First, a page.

QUEBEC — Following in the footsteps of the B.C. government, Quebec wants to crack down on repeat drunk-driving offenders and is hoping Ottawa will amend the Criminal Code to make its task easier.
“We must use all the means at our disposal,” Justice Minister Bertrand St-Arnaud told a news conference Wednesday.
St-Arnaud said the vehicles of offenders will be seized after each infraction and confiscated for good upon a third offence. The latter measure can already be applied but is not done so often enough for St-Arnaud.
He called drunk driving a social scourge that the Quebec government is determined to attack on various fronts.
That will include a clear directive to Crown prosecutors to be tougher at every step in legal proceedings involving drivers who have consumed alcohol or drugs.
Quebec also wants repeat offenders to be tagged as “dangerous offenders.” St-Arnaud is asking Ottawa to amend the Criminal Code along those lines.
The province also wants Ottawa to consider toughening prison sentences for repeat offenders.
Wednesday’s announcement came just a few days after two fatal hit-and-run deaths in Quebec that allegedly involved impaired driving.
St-Arnaud said young Quebecers are the worst culprits when it comes to impaired driving in the province.
“The people from 16 to 25 years old, they are 13 per cent of the population but they are involved in 33 per cent of the impaired-driving cases involving death,” he said.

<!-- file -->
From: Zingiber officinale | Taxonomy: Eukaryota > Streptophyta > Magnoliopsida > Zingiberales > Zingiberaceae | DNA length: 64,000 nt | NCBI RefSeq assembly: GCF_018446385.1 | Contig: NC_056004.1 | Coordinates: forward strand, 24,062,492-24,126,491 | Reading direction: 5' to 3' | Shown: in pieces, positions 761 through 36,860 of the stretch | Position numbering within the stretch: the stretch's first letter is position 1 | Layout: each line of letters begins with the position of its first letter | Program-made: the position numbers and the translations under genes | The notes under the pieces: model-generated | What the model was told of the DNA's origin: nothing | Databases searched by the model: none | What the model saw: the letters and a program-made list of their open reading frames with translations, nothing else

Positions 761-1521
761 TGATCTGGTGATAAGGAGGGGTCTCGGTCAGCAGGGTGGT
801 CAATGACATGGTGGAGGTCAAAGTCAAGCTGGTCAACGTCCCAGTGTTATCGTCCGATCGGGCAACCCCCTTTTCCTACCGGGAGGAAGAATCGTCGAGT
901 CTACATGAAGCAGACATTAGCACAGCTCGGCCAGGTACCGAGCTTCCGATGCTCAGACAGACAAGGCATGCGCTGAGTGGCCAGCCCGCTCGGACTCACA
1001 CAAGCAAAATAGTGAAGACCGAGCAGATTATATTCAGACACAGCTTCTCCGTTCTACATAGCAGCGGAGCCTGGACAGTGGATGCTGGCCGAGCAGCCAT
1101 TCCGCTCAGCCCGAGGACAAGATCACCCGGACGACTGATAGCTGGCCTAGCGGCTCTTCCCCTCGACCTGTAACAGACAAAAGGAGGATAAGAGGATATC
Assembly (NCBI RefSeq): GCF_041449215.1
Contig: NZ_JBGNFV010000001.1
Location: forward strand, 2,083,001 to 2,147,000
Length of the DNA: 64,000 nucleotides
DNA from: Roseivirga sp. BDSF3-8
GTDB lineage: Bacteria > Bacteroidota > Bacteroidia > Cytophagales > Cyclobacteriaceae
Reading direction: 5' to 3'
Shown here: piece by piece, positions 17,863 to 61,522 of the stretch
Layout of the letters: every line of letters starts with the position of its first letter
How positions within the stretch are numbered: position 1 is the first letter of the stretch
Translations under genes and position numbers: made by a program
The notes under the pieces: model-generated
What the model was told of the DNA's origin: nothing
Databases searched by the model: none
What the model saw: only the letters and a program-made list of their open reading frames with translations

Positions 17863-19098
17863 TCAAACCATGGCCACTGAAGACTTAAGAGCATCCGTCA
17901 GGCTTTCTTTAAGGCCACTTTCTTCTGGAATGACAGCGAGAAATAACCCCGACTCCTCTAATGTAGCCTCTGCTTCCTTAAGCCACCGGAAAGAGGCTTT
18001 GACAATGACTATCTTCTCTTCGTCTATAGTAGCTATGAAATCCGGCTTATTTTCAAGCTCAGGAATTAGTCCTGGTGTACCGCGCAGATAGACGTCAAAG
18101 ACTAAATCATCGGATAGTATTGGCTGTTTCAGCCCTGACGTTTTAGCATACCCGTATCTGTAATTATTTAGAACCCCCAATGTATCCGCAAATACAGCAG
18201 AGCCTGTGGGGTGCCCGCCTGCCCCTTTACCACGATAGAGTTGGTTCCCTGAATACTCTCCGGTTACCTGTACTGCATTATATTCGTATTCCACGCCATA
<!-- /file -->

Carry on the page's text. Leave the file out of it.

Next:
In B.C., strong legal challenges from motorists forced to pay thousands of dollars in costs as part of the government’s get-tough impaired driving laws have prompted a review that could put the brakes on penalties worth more than $2,600 for some drivers, said B.C.’s deputy superintendent of motor vehicles.
Stephanie Melvin said the government is reviewing penalties for 1,200 motorists who were handed immediate roadside prohibitions during a three-week period in November 2011, just before the B.C. Supreme Court struck down part of the impaired driving law.
Melvin said the Office of the Superintendent of Motor Vehicles is examining the five-year driving records of each of the 1,200 motorists to determine if their driver education penalties should be waived.
The review is expected to be completed in six to eight weeks and drivers who escape the penalties could save more than $2,600, said Melvin.
She said the review will determine whether those motorists will still have to take the responsible driver program — at a cost of $880, plus tax — and install the ignition interlock system, which disables a vehicle if alcohol is detected and costs about $1,700 annually.
Melvin said the review of the 1,200 people is a small number when contrasted with the 35,000 people who have been referred to the education and interlock programs since the impaired laws were introduced in September 2010.
Vancouver lawyer Paul Doroshenko, whose practice specializes in impaired driving cases, said about a half dozen of the 17 motorists who sparked the government review are his clients.
He said the current law leaves no room for discretion and forces every driver into the education and interlock programs without review of their individual driving records or hearings on their behalf.
Last May, the government amended the impaired driving law to strengthen the rights of accused impaired drivers to challenge roadside screening tests and appeal immediate roadside prohibitions.
The amended law was in response to the November 2011 B.C. Supreme Court ruling that struck down portions of the impaired driving law as unconstitutional.
Justice Minister Shirley Bond issued a statement Monday that said the government is refining its drunk-driving laws amid court challenges from 17 motorists.
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